How to Fix Insecure Elements On Your Website

SkyStra
Oct 13, 2020

What Is An Insecure Element?

An insecure element on a website refers to any file that loads over HTTP (an insecure connection) instead of HTTPS (a secure connection).

The S in HTTPS refers to the secure part.

Even if you have an SSL certificate active on your website, a Not Secure message will still show up if elements load over HTTP.

Here is an example of an element loading over HTTP:

<img src=”http://skystraconnect.com/images/my_fun_holiday.png” alt=”Fun Holiday”>

If you had that HTTP element loading on your website, you would get a Not Secure message and your SSL certificate and Padlock would be masked.

When you click the Not Secure from your left hand browser, you’ll see a ‘Your Connection to this site is not fully secure’ popup, even though there is a Valid Certificate.

To see how to check for an SSL certificate, you can follow this guide.

How To Find Insecure Elements

To find which of your elements are loading over HTTP, you can use a very straightforward method from your browser.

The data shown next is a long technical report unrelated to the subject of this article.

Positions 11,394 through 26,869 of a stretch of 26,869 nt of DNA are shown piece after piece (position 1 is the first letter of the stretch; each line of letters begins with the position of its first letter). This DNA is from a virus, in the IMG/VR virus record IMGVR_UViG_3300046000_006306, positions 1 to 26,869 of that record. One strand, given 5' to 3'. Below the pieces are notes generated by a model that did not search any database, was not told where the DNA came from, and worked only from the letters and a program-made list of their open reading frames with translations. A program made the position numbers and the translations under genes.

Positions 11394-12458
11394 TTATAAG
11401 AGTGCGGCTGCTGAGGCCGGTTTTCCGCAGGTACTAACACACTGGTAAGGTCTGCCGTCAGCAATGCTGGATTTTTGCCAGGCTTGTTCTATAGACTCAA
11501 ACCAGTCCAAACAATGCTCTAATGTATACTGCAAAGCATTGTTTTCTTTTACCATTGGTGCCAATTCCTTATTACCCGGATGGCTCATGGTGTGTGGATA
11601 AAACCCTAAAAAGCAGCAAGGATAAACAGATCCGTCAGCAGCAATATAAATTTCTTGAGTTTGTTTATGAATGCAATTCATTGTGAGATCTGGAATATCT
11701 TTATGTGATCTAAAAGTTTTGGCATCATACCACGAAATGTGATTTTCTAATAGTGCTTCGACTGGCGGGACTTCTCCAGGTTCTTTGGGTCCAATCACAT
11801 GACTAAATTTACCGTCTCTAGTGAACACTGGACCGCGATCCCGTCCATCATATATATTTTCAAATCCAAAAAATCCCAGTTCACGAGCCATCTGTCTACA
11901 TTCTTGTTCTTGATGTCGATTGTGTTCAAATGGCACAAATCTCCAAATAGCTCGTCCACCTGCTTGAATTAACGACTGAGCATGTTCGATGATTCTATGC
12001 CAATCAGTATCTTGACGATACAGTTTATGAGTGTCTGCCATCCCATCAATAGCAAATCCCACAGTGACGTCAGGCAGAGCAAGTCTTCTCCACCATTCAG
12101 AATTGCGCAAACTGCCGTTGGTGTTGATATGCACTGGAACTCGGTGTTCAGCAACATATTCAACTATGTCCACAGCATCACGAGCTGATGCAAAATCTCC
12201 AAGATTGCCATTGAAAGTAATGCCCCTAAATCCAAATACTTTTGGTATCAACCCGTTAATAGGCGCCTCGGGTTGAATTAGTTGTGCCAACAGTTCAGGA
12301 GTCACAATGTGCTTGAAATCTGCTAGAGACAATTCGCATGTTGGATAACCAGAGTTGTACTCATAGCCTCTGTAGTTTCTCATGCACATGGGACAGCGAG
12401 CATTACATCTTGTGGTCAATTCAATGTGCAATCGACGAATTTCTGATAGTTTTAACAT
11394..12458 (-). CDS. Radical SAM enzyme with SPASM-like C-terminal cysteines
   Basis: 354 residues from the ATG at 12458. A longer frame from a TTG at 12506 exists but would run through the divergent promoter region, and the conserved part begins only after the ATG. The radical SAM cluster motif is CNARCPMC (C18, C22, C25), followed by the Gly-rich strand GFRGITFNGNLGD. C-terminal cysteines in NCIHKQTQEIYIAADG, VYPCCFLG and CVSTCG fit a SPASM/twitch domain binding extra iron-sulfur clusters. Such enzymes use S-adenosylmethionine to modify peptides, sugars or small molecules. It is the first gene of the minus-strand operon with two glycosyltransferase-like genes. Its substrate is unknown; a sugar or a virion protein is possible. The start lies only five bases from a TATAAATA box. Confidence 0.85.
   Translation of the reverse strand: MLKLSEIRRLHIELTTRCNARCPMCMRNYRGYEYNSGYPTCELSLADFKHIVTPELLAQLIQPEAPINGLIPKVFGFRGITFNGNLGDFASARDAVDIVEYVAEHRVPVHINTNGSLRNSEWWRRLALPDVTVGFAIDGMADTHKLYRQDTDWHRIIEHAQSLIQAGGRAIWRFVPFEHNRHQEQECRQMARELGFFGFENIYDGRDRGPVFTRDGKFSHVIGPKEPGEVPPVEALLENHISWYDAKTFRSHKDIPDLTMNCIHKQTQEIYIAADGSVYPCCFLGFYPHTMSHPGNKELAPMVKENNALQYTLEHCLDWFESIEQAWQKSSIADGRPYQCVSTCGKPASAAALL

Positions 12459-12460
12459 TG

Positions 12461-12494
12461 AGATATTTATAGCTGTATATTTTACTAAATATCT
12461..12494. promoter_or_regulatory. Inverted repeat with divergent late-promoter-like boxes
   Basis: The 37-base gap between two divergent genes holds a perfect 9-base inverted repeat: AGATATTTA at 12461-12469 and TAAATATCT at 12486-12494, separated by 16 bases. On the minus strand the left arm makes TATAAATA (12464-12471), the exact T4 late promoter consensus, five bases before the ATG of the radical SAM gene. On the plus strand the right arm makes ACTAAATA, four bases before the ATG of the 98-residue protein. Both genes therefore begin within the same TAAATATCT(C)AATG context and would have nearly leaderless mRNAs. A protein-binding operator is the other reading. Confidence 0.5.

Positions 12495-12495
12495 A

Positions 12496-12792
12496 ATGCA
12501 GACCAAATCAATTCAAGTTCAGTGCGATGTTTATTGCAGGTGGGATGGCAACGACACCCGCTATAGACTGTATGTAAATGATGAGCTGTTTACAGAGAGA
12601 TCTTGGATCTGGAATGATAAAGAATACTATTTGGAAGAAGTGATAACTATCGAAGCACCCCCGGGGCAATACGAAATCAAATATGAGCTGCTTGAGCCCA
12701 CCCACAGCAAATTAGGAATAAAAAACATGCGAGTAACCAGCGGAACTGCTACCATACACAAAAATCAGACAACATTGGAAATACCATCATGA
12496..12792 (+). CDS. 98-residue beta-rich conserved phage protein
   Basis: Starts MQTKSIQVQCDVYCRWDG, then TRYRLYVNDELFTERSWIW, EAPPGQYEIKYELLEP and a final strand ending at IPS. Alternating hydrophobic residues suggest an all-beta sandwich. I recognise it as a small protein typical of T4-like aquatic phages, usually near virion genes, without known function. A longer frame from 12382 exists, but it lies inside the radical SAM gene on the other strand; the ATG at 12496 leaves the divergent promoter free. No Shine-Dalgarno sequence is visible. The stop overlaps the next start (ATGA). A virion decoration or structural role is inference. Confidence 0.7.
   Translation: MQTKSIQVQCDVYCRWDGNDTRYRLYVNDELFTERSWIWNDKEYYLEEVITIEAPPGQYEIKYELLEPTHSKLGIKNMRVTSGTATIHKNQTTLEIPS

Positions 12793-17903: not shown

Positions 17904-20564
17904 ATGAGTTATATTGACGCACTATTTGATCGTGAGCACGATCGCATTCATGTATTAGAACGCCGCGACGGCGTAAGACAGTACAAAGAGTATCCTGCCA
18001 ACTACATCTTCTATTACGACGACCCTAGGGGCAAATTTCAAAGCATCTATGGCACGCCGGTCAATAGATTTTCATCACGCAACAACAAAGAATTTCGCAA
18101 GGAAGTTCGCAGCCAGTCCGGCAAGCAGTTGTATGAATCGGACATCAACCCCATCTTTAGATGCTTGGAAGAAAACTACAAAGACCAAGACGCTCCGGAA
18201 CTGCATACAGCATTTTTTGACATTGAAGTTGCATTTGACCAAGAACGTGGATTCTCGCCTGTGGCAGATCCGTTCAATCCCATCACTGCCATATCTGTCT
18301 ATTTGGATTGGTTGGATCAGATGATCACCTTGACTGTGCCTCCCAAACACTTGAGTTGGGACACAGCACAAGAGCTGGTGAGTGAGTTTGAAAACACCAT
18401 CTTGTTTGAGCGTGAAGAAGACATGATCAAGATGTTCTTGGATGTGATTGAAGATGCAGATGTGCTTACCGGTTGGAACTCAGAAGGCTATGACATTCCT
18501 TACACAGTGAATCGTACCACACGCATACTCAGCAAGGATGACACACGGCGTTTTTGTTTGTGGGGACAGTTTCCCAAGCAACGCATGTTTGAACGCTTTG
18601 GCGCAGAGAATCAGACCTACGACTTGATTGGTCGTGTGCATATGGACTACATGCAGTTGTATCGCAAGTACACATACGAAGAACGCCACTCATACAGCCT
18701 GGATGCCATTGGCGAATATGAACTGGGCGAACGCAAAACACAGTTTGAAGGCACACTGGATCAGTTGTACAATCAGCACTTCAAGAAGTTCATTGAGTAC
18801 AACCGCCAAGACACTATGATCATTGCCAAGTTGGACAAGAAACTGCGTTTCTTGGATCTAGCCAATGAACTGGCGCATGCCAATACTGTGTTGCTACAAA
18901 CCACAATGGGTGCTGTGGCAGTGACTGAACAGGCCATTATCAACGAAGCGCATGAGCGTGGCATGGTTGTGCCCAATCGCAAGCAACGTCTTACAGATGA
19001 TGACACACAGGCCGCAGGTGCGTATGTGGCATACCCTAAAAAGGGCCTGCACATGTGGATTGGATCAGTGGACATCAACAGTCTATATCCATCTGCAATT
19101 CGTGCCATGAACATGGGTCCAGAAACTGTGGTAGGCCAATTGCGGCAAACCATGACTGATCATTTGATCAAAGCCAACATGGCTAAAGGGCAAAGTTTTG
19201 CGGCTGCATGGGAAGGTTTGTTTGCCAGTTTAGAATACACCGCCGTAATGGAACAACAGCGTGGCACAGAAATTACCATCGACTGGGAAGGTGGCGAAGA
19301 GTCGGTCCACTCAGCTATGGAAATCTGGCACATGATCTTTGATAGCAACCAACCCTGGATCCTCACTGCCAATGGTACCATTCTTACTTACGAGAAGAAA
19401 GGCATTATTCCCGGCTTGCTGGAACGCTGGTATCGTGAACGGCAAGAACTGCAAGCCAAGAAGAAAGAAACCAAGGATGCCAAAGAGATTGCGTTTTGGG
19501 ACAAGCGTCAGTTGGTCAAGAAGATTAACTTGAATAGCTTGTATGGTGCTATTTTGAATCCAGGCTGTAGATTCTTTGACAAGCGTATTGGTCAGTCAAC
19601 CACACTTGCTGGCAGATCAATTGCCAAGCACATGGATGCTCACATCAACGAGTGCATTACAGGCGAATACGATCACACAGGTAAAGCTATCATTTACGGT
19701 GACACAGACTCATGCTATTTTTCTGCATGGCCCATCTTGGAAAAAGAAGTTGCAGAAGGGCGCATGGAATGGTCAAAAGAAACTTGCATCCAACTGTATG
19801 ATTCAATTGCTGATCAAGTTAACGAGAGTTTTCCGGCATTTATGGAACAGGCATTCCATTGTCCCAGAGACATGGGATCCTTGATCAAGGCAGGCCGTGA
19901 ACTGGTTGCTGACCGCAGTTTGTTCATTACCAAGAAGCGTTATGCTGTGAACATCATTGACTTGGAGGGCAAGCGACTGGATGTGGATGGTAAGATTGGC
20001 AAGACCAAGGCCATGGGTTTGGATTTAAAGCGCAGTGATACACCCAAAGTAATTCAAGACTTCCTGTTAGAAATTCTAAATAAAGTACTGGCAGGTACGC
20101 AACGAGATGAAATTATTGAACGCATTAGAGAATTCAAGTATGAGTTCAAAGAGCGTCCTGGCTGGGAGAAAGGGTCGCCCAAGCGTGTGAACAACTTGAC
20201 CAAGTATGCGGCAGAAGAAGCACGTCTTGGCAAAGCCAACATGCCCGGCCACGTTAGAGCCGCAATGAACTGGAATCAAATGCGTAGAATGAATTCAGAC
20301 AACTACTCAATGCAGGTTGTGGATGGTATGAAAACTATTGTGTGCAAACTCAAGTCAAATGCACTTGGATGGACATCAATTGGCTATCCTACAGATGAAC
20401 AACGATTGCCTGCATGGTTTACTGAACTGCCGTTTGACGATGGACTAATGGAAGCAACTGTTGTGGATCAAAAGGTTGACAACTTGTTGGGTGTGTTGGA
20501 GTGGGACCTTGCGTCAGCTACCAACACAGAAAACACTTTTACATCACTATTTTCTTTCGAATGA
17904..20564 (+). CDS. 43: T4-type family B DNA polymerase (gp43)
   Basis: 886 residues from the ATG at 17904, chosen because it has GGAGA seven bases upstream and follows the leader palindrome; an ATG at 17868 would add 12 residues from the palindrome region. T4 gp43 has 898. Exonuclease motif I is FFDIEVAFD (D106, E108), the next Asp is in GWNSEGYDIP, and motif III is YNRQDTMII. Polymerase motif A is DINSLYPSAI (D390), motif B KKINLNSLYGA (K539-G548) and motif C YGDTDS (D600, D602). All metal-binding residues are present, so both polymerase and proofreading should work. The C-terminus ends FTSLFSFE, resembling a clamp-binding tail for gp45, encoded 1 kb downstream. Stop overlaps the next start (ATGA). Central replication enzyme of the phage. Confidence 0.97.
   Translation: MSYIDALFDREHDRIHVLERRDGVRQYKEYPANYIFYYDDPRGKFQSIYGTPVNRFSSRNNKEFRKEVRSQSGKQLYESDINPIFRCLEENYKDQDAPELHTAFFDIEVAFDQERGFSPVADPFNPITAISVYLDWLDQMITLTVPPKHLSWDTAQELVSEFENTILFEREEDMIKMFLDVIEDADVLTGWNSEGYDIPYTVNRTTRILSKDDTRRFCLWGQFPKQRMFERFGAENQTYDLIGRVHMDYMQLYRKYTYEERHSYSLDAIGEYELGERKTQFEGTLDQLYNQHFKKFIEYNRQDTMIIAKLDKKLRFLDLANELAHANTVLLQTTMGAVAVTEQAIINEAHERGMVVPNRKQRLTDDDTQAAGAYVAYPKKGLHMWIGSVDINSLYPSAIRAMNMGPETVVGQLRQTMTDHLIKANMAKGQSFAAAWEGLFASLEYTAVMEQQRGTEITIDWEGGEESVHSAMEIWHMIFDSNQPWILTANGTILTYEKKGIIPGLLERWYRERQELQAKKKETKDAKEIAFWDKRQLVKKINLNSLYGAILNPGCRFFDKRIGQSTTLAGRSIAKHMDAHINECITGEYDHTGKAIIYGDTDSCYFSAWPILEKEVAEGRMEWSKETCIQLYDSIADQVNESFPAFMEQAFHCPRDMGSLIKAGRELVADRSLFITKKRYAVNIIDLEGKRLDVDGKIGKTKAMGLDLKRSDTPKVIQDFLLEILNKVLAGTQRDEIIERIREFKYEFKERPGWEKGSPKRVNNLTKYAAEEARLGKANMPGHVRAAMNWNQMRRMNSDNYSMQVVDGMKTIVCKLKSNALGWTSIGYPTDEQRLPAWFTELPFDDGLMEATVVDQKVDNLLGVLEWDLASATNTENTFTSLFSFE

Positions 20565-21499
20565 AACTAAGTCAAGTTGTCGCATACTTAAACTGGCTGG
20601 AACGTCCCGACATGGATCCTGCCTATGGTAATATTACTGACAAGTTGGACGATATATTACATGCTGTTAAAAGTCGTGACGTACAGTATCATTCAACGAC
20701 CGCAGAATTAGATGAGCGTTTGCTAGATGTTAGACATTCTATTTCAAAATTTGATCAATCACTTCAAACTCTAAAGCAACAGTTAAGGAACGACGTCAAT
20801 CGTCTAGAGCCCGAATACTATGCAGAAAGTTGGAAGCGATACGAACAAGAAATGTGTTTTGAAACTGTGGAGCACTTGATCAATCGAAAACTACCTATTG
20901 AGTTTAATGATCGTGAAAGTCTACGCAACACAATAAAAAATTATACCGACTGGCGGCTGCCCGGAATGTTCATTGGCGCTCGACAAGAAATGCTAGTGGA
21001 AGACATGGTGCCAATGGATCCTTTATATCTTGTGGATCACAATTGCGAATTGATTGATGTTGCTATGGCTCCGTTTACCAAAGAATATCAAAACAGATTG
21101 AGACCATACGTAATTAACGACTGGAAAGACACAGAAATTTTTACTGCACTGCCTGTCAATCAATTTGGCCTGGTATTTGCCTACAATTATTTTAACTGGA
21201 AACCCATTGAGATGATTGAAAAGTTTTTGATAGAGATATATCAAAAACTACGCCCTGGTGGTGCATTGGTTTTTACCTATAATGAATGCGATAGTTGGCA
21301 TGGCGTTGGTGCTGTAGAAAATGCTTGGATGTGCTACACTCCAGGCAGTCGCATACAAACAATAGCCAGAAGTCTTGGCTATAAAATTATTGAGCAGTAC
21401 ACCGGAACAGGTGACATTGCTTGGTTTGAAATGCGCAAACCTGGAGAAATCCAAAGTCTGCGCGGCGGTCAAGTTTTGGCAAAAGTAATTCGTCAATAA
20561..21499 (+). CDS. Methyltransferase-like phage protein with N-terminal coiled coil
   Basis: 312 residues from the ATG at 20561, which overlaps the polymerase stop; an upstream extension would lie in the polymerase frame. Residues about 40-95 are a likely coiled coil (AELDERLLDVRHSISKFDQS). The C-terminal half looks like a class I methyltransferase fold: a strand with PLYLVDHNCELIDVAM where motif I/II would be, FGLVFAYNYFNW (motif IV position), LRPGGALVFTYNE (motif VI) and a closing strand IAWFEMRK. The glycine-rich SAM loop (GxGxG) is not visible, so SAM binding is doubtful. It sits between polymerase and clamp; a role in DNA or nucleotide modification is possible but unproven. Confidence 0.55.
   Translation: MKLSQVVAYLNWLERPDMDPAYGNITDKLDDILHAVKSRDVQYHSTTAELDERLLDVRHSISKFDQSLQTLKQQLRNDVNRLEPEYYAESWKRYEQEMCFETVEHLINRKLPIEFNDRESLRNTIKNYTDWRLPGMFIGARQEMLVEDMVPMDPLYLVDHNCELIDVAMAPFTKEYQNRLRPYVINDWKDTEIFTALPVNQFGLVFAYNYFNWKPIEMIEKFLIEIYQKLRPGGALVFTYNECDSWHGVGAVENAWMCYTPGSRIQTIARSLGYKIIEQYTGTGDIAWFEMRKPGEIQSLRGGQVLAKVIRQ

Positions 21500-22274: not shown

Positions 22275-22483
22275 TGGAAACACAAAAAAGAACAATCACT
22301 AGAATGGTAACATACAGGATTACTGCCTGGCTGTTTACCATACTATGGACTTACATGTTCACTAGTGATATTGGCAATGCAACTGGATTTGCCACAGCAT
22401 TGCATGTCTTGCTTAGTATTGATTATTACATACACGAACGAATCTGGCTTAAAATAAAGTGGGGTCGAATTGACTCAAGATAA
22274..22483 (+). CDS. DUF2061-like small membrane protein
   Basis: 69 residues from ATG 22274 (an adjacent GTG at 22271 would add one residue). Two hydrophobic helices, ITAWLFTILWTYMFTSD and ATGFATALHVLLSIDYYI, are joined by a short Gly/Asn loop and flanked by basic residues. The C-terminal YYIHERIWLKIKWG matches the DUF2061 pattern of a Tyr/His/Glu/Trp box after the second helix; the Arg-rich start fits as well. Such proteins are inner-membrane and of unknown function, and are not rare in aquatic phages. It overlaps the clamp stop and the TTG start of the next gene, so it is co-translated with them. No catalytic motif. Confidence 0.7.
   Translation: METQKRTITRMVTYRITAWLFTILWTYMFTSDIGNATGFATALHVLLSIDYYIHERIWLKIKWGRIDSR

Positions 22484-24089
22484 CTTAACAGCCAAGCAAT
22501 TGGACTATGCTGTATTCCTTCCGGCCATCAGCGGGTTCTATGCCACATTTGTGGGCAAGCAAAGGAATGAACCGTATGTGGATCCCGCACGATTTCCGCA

On your site, right click with your mouse and from the dropdown, select Inspect:

From the top right, click the Console tab, where you’ll see a list of the links of any insecure elements loading over HTTP on your site, with a message reading: ‘This content should be served over HTTPS.’

You could have several elements loading over HTTP or just one, all of their HTTP links will be listed in your Console.

Fixing Insecure Elements

There are 3 very easy ways you can fix Insecure Elements on your website and make sure all of your links are loaded over HTTPS.

Plugin

The first way (if you have a WordPress website) is to use a plugin.

There are 2 plugins that work really well and they’re free:

If you’d rather do it manually, you can easily delete the HTTP element file on your site and re-upload the HTTPS version back to your site.

For example, our link from the intro over HTTPS would be:

<img src=”https://skystraconnect.com/images/my_fun_holiday.png” alt=”Fun Holiday”>

Having HTTPS in the URL would automatically load your element over HTTPS, once re-uploaded, you can go back and verify in your console to double check.

You can also make use of relative links on your website, these are links that don’t use your domain name and link to a specific element file instead, using our example:

<img src=”images/my_fun_holiday.png” alt=”Fun Holiday”>

Relative links would automatically load your elements over HTTPS and avoid any HTTP from popping up in the first place.